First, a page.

US Elections: 7 days of Economics
Next Tuesday, Americans vote to decide who will be their next President.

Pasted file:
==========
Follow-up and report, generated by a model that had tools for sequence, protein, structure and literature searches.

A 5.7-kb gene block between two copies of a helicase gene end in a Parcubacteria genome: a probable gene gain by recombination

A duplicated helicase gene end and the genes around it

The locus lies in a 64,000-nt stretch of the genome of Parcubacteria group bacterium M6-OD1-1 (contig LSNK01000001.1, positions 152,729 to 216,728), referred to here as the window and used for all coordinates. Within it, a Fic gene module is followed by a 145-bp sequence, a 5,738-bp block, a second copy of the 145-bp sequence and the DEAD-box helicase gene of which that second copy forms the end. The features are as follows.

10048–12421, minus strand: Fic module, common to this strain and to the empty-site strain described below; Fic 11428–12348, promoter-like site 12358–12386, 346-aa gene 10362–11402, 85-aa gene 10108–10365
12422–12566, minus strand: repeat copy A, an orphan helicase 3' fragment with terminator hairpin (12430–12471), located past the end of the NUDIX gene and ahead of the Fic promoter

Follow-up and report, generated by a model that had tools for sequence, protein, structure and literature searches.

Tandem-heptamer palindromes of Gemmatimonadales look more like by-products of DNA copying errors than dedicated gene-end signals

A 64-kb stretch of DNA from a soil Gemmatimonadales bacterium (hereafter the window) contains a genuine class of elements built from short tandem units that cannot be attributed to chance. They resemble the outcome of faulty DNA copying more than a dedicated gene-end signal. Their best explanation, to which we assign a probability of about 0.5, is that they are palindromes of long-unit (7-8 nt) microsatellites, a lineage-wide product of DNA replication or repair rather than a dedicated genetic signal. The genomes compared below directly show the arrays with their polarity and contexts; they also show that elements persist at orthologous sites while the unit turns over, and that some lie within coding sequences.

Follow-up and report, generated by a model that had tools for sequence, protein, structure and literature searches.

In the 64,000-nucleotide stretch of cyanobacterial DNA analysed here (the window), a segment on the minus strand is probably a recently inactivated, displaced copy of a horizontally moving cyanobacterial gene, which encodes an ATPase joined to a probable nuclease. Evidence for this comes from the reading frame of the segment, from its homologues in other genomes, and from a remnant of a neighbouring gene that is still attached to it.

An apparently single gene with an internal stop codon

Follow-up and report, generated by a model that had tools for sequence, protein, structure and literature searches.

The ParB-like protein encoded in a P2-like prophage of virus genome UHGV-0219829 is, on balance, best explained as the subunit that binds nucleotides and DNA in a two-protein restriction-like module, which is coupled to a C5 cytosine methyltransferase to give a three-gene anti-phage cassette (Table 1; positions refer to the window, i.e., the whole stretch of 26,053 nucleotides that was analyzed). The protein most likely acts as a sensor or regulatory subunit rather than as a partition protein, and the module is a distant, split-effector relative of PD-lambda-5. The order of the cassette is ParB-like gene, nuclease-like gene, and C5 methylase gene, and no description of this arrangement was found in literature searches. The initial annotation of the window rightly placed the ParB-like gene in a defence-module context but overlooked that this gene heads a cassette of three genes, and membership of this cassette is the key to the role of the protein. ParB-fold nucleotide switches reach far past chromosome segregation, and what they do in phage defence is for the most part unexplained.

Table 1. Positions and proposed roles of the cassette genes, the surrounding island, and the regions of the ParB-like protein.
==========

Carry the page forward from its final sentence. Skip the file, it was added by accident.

They also will vote for a brand new House of Representatives and renew a third of the Senate. Today was published the last economic data before Election Day, the one that everybody understands: the unemployment rate. In October, it was down below 5%. Four years ago, it was 7,8%, down from a 10% peak in end-2009. Thanks to that figure, it is possible to say that the US economy is in a good shape, that the labour market is consistent with full employment. On top of that, the most closely watched measure of wages was up 2.8% y/y in October, the fastest pace of increase since the recession. Such results should benefit the incumbent. But Barack Obama is not up for re-election, having served two mandates. The Democrat candidate should benefit indirectly, right? Well, if it were as automatic as this, Al Gore would have succeeded Bill Clinton in 2000, and we all know he did not.This time, the story is a bit different, but theu ncertainty is even higher. Admittedly, the Obama years have been the time of the recovery of the worst economic and financial crisis since the 1930s. If generally speaking the US economy is in a much better shape than when Obama became President, that truth does not hold for every Americans. They remain numerous without a job, with an involuntary part-time position, with a wage not high enough to cover their needs. America is better, but it could be much better. So that 4.9% figure everybody understands can be used by either side. No doubt it will. Actually, it already begun…